The branding of Razer has been tried and tested in the gaming world and its name has therefore been solidified. But while it has perfected the art of gaming laptops and mice in the years it has been in the industry, it proved at the Consumer Electronics Show that it can pave the way for the future as well. Its Project Valerie and Project Ariana are how home-docked gaming will be in a few years.
As Pocket Lint notes, Project Valerie is not for the faint of heart. It has three 4K screens for the most immersive gaming experience. Each 17.3-inch screen is fitted with Nvidia G-Sync technology, which theoretically provides a seamless transition between frames. The screens, when placed properly, provide a 180-degree view.
To make the experience more whole, Razer also fitted its Project Valerie with Nvidia's Surround View technology in order to spread a single image throughout all three screens. At this point, not much else is known in terms of GPU, CPU or memory, but the company has confirmed it is powerful. That is, powerful enough to run either the HTC Vive or the Oculus Rift headset. As these virtual reality headsets require only the most powerful of PCs, interested individuals are sure not to be disappointed.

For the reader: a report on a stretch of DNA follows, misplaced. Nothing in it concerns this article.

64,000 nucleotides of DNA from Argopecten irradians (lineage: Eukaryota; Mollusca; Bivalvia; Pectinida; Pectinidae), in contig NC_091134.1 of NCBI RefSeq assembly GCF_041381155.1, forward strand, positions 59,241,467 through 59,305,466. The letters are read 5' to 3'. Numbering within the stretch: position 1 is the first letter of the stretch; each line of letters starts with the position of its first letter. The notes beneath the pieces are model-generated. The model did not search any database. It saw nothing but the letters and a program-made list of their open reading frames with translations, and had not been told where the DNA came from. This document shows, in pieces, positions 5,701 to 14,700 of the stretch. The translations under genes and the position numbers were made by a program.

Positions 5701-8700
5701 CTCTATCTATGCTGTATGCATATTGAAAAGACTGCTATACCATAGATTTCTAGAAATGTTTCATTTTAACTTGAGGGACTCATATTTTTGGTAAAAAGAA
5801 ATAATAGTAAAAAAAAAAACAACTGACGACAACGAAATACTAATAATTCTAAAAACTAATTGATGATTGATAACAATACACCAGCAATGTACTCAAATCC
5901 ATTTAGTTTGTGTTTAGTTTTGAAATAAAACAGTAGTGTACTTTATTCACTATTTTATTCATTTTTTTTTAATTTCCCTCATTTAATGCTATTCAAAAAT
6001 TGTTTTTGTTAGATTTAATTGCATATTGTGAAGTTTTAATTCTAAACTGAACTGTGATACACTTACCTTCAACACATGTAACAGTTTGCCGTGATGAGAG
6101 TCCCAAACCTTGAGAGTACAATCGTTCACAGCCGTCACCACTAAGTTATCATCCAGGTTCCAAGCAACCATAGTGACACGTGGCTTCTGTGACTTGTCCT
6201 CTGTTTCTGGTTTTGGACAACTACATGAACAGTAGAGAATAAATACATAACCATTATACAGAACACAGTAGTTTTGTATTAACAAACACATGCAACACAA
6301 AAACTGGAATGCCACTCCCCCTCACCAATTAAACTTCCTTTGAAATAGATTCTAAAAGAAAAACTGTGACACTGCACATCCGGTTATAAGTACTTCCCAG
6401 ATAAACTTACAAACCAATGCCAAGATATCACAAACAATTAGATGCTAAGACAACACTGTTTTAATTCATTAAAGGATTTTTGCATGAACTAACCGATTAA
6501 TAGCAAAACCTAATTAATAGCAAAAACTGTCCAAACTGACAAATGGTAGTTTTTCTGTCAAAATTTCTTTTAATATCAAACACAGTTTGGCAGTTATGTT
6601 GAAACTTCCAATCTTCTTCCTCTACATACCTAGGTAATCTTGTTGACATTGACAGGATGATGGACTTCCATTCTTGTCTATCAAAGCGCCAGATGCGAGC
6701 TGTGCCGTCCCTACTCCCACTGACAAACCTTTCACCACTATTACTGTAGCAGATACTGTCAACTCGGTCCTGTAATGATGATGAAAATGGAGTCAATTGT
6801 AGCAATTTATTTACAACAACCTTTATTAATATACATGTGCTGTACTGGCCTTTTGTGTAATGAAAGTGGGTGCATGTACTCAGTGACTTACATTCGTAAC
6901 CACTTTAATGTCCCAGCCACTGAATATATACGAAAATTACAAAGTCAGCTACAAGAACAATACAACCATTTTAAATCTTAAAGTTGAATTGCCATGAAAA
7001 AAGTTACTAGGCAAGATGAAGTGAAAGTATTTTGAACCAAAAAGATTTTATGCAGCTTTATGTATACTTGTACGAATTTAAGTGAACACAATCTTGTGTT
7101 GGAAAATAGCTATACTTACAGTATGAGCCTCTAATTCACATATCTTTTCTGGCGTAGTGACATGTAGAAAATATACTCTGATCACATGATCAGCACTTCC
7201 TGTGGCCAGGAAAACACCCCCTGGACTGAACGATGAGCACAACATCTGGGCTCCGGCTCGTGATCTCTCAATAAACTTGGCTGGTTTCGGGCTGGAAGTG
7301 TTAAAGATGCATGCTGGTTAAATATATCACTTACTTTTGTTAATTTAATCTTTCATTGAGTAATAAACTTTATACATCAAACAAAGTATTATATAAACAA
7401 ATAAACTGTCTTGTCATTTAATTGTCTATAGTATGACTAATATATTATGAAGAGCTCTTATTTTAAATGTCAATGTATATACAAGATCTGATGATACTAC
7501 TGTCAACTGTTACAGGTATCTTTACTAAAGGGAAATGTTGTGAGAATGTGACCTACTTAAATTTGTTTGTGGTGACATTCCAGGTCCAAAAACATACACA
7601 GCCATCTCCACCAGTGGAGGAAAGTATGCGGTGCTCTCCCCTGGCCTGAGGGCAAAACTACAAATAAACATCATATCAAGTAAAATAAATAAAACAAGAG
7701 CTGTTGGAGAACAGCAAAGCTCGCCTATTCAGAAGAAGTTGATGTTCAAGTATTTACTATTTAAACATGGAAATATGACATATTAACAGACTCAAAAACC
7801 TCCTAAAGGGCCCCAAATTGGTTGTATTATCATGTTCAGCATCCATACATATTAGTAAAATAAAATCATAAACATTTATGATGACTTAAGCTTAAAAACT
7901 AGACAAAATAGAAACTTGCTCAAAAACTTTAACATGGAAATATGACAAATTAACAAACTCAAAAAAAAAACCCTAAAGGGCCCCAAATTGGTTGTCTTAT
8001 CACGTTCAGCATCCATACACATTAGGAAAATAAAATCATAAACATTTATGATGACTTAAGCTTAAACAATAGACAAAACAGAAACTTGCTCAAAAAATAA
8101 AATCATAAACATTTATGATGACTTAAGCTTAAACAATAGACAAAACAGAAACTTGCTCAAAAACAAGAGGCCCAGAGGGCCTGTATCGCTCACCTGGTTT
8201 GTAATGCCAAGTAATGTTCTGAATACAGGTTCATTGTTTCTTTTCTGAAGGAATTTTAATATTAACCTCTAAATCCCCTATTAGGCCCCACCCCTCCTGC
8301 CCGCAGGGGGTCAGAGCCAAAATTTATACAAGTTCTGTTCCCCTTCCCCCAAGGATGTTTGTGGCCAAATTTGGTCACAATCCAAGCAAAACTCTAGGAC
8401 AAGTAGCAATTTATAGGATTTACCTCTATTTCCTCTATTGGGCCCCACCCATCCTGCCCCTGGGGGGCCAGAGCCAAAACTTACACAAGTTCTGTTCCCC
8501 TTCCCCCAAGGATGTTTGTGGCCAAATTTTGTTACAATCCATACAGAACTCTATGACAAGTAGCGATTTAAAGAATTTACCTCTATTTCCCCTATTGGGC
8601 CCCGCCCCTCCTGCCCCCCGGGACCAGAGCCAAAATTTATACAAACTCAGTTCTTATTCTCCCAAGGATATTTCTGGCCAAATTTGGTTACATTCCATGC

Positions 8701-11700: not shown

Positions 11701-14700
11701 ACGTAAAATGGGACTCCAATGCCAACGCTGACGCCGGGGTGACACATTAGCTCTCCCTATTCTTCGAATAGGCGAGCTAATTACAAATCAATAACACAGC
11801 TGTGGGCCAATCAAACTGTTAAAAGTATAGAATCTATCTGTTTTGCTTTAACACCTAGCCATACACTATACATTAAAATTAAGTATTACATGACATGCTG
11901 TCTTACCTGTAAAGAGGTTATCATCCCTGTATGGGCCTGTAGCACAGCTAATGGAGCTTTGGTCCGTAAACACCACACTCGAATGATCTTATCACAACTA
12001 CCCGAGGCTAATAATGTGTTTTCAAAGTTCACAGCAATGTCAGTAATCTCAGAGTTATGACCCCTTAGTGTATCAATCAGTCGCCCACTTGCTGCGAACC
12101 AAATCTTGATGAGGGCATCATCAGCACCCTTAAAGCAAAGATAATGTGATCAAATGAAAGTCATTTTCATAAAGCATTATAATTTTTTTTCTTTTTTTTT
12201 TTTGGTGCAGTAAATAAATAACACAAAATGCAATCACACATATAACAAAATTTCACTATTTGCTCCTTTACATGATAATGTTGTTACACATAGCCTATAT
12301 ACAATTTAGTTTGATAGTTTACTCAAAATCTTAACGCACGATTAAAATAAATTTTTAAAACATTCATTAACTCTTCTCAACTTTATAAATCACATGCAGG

Meanwhile, Razer's Project Ariana allows PC titles to be played either on a television screen or on a wall. A gaming projector is paired up with a television screen and then displays the image of the game to the rest of the projected space. Gamers will theoretically be able to immerse themselves in games simply because of the grandiosity of it all.
"We see Project Ariana as the future of gaming immersion and a great showcase of what our Razer Chroma lighting technology can do," VentureBeat quotes Min-Liang Tan, Razer CEO, and co-founder. Ariana uses Razer's Chroma lightning technology, which is then mixed with a laser sensor, 4K video projection technology and code integration that is worked on with different publishers.